So, if you’re looking for a new phone, I completely recommend the Nexus One. If you really prefer a physical keyboard, take a look at the Droid, which has comparable specs to the Nexus One in a lot of ways. And honestly iPhones are still pretty cool, too, and I wouldn’t mind playing around the Palm Pre for a bit. This is the great thing about competition – right now we have a bunch of great mobile devices and mobile operating systems to chose from, and each is pushing the others to do better. If only we could say the same thing about the carriers.

If you have any Nexus One or Android questions, feel free to ask in the comments below.

I Can Actually Understand This! Contract and Legal Document Usability

How many times a week do you agree to some endless block of legal terms and conditions in order to access a website or install some software? How often does your phone company, stock broker, or credit card company send you changes to some contract in the mail?

Of those, what percentage of the time do you actually read and understand the blobs of tiny print?

I logged in to iStockPhoto for the first time in a while and was confronted by a change to the artists’ agreement. I was shocked, absolutely flabbergasted, to find the document clear and easy to read. I’m not sure this has ever happened before. I actually understood what they were talking about. Here’s a screenshot:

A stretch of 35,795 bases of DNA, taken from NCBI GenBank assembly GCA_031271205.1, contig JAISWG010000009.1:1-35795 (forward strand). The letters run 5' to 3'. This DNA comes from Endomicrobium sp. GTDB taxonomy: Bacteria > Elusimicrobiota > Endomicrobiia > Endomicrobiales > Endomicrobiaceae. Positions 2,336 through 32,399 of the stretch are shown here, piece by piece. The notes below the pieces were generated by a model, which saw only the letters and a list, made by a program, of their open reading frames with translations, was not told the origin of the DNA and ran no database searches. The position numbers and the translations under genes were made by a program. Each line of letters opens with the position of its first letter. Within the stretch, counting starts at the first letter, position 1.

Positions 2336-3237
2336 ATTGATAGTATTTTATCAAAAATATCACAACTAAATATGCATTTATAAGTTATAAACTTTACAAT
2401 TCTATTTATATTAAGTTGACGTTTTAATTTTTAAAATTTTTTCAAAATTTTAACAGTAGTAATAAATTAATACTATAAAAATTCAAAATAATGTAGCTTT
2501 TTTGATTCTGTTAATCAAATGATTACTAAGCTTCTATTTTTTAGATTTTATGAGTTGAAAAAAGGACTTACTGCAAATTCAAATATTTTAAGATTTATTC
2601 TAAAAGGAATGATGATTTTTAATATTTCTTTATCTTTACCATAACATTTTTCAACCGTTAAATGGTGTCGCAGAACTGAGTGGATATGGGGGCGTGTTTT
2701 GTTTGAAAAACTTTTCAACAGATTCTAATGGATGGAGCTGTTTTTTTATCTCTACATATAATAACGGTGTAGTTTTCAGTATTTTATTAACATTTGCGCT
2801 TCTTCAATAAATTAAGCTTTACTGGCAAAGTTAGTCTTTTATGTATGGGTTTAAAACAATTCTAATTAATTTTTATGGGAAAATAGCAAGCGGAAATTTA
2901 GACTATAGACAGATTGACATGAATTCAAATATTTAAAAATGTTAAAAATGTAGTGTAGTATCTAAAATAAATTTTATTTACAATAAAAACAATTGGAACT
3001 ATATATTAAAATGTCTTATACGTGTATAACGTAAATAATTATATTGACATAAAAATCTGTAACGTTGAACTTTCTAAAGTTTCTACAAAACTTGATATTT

A few pointers on how to construct a similarly user-friendly legal document:

  • Put a quick, “plain language” description at the top.
  • Highlight text changes by coloring the new sections and visibly crossing out the removed text.
  • Include convenient contact information at the bottom for further help and information. By convenient, I mean convenient for the reader, not convenient for your company.

Legal document usability is so bad at this point that I would advocate changing the law so that any terms document that didn’t meet the three point above would be automatically null and void. Kudos to iStockPhoto for getting it right.

Sifting through 1100+ photos

My Nikon D60 is set to continuous release mode. This is great, because it allows me to capture ambient-light images of normally motion-blur-prone children. I took some photos at my nephew’s first soccer game and the continuous shutter works really well for action photos too. Instead of snapping one shot and finding out later I was too slow or the kids too fidgety, I can snap a few and pick out the good one later.

So a shot like this is culled out of a series of blurred frames:

Looking up

The not-so-great part of this technique is what happens after a week visiting family across the country. I have 1100+ photos to sift through, and that’s after some in-camera deletion of obviously useless shots.

I use Picasa to manage the photos on my hard drive, it’s fast and has a nice UI. My usual tactic is to make a couple passes through, starring good shots. Then I make a final pass through the starred photos where I might crop or adjust levels a bit (that’s the Tuning tab in Picasa) and finally export to a folder. From there I can upload to Flickr, Facebook, Panoramio, and any of the other places I find myself sharing photos.

Anyone have any helpful tips for speeding up this workflow? Any actual professional photographers out there who deal with this on a regular basis? I remember similar problems when I worked in newsrooms but that was a while back and I don’t remember a good solution existing at the time.